16 relations: Absolute configuration, Alitretinoin, Bracket, Cahn–Ingold–Prelog priority rules, Cis–trans isomerism, Double bond, Hyphen, International Union of Pure and Applied Chemistry, Italic type, IUPAC nomenclature of chemistry, Letter case, Molecular geometry, Organic chemistry, Small caps, Stereochemistry, Substituent.
An absolute configuration refers to the spatial arrangement of the atoms of a chiral molecular entity (or group) and its stereochemical description e.g. R or S, referring to Rectus, or Sinister, respectively.
Alitretinoin, or 9-cis-retinoic acid, is a form of vitamin A. It is also used in medicine as an antineoplastic (anti-cancer) agent developed by Ligand Pharmaceuticals.
A bracket is a tall punctuation mark typically used in matched pairs within text, to set apart or interject other text.
The Cahn–Ingold–Prelog (CIP) sequence rules, named for organic chemists Robert Sidney Cahn, Christopher Kelk Ingold, and Vladimir Prelog — alternatively termed the CIP priority rules, system, or conventions — are a standard process used in organic chemistry to completely and unequivocally name a stereoisomer of a molecule.
Cis–trans isomerism, also known as geometric isomerism or configurational isomerism, is a term used in organic chemistry.
A double bond in chemistry is a chemical bond between two chemical elements involving four bonding electrons instead of the usual two.
The hyphen (‐) is a punctuation mark used to join words and to separate syllables of a single word.
The International Union of Pure and Applied Chemistry (IUPAC) is an international federation of National Adhering Organizations that represents chemists in individual countries.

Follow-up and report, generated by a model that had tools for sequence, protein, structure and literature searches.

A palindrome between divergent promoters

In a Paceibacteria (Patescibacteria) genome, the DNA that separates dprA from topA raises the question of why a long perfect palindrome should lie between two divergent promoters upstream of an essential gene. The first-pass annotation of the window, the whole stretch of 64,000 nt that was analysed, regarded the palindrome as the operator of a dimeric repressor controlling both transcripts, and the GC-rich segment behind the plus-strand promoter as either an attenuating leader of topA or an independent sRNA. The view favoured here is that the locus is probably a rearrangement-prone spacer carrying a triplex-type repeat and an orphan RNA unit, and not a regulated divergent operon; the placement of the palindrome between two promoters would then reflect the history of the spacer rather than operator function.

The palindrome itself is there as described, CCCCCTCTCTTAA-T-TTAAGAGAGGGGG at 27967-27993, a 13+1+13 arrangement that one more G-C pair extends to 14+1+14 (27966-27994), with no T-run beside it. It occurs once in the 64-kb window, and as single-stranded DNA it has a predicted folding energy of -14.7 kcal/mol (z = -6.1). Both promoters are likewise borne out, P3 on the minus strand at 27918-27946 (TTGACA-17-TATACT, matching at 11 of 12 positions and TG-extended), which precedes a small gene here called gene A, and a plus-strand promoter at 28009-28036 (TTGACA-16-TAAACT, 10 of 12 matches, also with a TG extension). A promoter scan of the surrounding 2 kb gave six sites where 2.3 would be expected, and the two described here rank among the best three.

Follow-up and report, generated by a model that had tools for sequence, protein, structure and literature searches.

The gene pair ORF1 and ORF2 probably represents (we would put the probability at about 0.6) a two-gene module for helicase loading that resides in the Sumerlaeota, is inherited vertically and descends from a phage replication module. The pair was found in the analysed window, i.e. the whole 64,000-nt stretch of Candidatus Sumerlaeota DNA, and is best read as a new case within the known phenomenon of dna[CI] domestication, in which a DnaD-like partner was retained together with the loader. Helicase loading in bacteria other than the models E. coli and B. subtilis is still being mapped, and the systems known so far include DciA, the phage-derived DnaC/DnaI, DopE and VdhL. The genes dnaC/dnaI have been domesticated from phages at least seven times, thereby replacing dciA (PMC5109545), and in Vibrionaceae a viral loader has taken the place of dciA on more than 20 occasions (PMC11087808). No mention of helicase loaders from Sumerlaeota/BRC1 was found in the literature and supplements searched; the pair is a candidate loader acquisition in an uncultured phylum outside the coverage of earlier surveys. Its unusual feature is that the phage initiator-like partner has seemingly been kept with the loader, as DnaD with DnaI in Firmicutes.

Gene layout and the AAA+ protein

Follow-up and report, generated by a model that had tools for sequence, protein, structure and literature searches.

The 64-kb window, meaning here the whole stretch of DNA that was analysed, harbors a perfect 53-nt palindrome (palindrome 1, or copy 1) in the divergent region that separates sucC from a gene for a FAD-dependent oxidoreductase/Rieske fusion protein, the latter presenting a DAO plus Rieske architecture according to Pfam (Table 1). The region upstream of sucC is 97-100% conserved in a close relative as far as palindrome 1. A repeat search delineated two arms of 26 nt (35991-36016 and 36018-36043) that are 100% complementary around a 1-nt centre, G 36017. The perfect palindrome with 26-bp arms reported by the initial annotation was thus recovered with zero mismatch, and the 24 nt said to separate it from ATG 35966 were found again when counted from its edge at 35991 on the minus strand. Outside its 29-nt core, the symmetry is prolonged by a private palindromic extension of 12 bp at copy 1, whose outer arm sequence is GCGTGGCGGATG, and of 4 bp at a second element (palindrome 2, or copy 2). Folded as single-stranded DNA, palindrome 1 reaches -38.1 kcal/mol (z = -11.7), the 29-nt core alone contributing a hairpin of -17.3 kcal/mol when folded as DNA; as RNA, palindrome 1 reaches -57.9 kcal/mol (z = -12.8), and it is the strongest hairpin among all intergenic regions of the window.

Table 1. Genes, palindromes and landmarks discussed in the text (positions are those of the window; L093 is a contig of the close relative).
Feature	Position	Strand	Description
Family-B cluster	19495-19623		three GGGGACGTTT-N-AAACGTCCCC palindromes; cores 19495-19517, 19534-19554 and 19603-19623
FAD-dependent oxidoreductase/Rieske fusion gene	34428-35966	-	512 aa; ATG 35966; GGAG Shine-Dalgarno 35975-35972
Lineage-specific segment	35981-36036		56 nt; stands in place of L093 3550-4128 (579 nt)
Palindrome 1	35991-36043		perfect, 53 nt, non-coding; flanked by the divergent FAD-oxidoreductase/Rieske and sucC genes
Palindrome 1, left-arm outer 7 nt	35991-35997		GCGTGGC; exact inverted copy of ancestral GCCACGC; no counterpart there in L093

In typography, italic type is a cursive font based on a stylized form of calligraphic handwriting.
The International Union of Pure and Applied Chemistry (IUPAC) has published four sets of rules to standardize chemical nomenclature.
Letter case (or just case) is the distinction between the letters that are in larger upper case (also uppercase, capital letters, capitals, caps, large letters, or more formally majuscule) and smaller lower case (also lowercase, small letters, or more formally minuscule) in the written representation of certain languages.
Molecular geometry is the three-dimensional arrangement of the atoms that constitute a molecule.
Organic chemistry is a chemistry subdiscipline involving the scientific study of the structure, properties, and reactions of organic compounds and organic materials, i.e., matter in its various forms that contain carbon atoms.
In typography, small capitals (usually abbreviated small caps) are lowercase characters typeset with glyphs that resemble uppercase letters ("capitals") but reduced in height and weight, close to the surrounding lowercase (small) letters or text figures, for example:.
Stereochemistry, a subdiscipline of chemistry, involves the study of the relative spatial arrangement of atoms that form the structure of molecules and their manipulation.
In organic chemistry and biochemistry, a substituent is an atom or group of atoms which replaces one or more hydrogen atoms on the parent chain of a hydrocarbon, becoming a moiety of the resultant new molecule.